Tuesday, September 27, 2011

Ivan Massar's Paris - 1949

Ivan Massar is one of America's premier photo journalists. In a career that began during WW II aboard the US Carrier Franklin and continued through the post-war years into the turbulent '60s and beyond, Massar built a distinguished image portfolio that reflected the many faces and moods of American and European life. His work has been exhibited at the Museum of Fine Arts in Boston, and is part of the permanent collections of the Metropolitan Museum of Art in New York and the Smithsonian Institute.

During the month of October, the Lane Memorial Library will feature 18 of Massar’s Paris images in our newly re-designed Lane Room Art Gallery. These are darkroom prints created by the photographer from medium-format negatives originally shot in the late 1940s. As Ivan recalls:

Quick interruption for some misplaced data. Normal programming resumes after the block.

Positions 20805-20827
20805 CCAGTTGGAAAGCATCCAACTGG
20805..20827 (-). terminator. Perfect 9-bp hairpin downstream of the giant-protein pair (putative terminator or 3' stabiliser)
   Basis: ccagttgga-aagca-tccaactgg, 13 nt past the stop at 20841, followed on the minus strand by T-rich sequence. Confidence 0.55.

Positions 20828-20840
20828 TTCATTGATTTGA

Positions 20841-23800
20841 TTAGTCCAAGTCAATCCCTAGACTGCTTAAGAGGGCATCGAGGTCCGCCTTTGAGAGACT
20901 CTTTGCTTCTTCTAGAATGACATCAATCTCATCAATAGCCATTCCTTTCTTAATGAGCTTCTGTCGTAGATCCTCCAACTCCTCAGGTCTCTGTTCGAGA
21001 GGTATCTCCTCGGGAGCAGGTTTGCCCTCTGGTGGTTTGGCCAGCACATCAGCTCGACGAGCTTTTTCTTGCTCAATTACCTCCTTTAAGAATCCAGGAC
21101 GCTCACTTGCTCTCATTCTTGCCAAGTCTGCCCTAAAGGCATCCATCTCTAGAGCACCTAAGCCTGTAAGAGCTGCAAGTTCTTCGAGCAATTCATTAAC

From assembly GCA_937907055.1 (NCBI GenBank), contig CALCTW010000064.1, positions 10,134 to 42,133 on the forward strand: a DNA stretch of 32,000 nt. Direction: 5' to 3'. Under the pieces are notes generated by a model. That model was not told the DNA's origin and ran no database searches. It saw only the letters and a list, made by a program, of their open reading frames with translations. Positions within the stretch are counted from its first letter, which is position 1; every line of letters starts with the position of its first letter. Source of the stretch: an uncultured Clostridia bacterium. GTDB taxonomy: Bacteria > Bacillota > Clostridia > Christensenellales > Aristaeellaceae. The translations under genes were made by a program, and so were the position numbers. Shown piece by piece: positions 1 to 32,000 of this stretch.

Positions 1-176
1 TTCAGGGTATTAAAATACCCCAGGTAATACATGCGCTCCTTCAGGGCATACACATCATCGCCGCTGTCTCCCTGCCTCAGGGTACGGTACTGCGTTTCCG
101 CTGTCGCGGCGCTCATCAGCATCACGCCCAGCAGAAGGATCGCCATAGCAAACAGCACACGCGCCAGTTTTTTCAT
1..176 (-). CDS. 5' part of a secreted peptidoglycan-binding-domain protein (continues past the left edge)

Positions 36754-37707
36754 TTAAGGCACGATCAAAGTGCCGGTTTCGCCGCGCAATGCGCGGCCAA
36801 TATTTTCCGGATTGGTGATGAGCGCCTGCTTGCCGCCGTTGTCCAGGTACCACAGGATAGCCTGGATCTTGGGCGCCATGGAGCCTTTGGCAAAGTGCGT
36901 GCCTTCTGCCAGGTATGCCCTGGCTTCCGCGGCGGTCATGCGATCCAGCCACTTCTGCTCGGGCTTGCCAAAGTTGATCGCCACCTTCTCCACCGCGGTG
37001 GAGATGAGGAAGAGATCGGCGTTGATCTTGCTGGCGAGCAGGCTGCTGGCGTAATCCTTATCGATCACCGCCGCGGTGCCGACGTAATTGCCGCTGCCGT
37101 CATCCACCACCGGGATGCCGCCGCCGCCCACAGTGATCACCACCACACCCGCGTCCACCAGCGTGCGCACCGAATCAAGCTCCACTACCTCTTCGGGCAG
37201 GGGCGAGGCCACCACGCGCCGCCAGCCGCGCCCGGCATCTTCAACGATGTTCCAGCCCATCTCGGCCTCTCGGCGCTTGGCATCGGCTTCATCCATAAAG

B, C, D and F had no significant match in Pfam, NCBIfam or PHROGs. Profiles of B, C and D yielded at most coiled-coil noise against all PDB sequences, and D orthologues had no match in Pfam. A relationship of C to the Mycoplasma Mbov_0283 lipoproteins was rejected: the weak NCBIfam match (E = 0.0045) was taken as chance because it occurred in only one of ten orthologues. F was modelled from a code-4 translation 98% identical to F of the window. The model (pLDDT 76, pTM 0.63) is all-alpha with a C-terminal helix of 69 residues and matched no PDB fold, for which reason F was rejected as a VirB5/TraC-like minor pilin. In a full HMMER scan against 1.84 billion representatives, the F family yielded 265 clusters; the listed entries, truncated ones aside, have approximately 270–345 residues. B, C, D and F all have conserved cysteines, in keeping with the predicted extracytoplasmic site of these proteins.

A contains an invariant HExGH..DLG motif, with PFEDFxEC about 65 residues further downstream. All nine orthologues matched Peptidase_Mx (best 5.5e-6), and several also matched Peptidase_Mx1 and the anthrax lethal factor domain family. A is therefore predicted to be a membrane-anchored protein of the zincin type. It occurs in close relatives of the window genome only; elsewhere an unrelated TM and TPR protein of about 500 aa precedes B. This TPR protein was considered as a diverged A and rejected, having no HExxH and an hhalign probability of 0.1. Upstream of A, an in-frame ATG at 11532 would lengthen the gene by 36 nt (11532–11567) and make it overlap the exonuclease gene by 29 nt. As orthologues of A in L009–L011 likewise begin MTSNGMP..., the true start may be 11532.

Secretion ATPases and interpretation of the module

“I spent two years in Paris. Every day I left my house, usually early, with a camera around my neck, and just wandered, looking for what people do, all the different scenes – I never went out without the camera, it was always with me. That's what I was there for. I was determined to be a photojournalist. I'd been photographing war, and I hadn't done anything else, and this was my aim, to be a photojournalist. So around Paris I just wandered and looked for human interest, and lovers and children, and my eyes were open all the time, for any little juxtaposition of things that would make an interesting picture.”

For those interested in hearing more about Ivan’s life and work, he will be the featured speaker at a reception in the Lane Gallery on Wednesday, October 12th at 7:00 PM. A collection of Massar’s images can be seen at www.ivanmassar.com.


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